In addition, excess nutrients can be washed out into the groundwater much more easily, so more attention must be paid to the dosage. Also for some other reasons, mineral fertilizers such as blue grain are not optimal, which you can read more about in our article about mineral fertilizers.
Fertilize Dahlias Primarily Organically: Instructions For Application
Organic fertilization not only has a positive effect on the plant but also improves the soil, which is why it is generally preferable to mineral fertilization. Dahlias love loose, warm, and humid soils that have good water drainage. If your soil does not meet these conditions, you can bring it closer to this idea with the help of mainly organic fertilization.
If you fertilize your dahlias primarily organically, the first application is best done two weeks before planting. Here it is a good idea to mix two hands of well-decomposed compost per tuber with the plant soil. Other organic fertilizers such as horn meals can also be used. However, since the horn meal contains little potassium, potassium- and phosphorus-rich fertilizers should be used in addition.
To make sure that everything goes smoothly when fertilizing, we have written a short instruction for our organic flower fertilizer for you.
Step-by-step instructions for fertilizing dahlias:
- Place the dahlia tuber in the planting hole and cover with the enriched soil
- Pour on well, so that the granules can soften and the microorganisms have better access
- In July, before the start of flowering, add a further 80 – 120 g/m² of flower fertilizer
Mineral Fertilizer For Dahlias With Blue Grain
If you prefer to use mineral fertilizers, it is sufficient with slow-release fertilizers to supply the ornamental plant with additional nutrients twice during the growing season. The first application takes place about four weeks after planting, when the young shoots appear, to give the plant a small energy boost. The second dose is then given in July before the start of flowering for, particularly splendid flowers.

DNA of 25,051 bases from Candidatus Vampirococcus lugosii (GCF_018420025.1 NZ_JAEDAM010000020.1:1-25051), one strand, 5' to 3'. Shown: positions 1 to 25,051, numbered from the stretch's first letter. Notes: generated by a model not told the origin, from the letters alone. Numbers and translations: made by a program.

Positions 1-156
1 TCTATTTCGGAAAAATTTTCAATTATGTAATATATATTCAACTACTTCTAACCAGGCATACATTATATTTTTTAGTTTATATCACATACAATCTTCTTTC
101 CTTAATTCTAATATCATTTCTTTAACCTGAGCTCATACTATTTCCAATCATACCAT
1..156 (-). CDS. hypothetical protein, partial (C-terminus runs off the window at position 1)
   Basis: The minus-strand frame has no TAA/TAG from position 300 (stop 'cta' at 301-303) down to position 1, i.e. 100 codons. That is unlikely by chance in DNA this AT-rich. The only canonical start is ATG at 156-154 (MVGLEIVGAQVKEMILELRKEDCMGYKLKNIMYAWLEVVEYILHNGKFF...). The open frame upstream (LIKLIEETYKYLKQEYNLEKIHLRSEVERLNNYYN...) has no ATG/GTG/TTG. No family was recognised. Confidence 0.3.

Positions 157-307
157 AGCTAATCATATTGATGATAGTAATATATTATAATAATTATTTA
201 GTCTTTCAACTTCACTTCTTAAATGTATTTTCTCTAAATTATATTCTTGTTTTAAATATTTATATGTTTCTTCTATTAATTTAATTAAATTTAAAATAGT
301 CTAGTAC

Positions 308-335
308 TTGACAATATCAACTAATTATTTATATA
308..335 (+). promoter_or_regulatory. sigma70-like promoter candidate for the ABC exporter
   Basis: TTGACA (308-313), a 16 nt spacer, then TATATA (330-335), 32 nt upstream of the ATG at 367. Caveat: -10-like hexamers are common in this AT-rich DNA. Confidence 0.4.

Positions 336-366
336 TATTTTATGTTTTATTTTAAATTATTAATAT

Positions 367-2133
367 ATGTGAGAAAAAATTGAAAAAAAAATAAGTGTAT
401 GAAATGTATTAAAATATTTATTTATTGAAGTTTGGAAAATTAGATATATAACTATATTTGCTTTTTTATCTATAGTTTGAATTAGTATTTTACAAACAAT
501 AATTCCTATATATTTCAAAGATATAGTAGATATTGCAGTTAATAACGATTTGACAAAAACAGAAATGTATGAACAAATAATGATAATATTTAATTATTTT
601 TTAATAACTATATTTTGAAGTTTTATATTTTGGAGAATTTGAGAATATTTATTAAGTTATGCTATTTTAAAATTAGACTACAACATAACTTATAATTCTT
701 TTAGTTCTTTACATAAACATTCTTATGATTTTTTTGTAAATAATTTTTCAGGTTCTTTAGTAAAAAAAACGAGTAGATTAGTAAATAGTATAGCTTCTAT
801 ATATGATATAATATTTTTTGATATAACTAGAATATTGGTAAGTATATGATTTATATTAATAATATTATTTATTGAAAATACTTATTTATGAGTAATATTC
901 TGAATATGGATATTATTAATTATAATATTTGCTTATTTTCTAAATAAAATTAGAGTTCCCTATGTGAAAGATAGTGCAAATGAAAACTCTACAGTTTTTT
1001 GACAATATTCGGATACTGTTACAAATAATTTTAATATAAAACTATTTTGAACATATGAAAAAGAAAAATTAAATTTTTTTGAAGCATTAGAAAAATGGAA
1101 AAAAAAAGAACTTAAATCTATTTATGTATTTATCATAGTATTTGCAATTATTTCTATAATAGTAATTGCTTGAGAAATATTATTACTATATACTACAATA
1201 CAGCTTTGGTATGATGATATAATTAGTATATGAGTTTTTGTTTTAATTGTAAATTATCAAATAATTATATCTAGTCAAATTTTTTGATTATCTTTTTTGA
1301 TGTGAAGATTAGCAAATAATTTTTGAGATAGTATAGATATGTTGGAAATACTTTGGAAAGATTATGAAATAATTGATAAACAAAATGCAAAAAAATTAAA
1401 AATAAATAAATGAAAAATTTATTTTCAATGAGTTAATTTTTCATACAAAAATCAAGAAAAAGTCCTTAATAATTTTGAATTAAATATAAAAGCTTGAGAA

However, if you use a cheaper mineral fertilizer without long-term effects, the fertilizer should be applied in small doses every 4-6 weeks to ensure an even supply. With all mineral fertilizers, care must be taken that the seeds are not distributed on open roots or directly on the main shoot.
In general, it is important to keep in mind that dahlias do not tolerate heavy, wet, or cold soils. We strongly advise against using only mineral fertilizer. Sustainable gardening and a corresponding, long-term healthy soil life only work if soil organisms are supported by organic fertilization.
Fertilizing dahlias with household remedies
Do you like to drink coffee? Then you already have a good household remedy for fertilizing dahlias with your coffee grounds. Fertilizing with coffee grounds brings nitrogen into the soil and creates a slightly acidic ph-value, which dahlias, as well as roses (pink), hydrangea, or violets (viola), tolerate well.
And the fertilizer made from coffee grounds has another advantage: it keeps away the snails, which are particularly fond of the young shoots of the dahlias. It also magically attracts earthworms, which are a welcome guest in any garden. For fertilization, the coffee is worked flat into the soil. It is important not to forget to dry it beforehand, otherwise, it can quickly start to mold in the bed. For drying, you can simply spread the coffee grounds flat overnight on a tray or plate.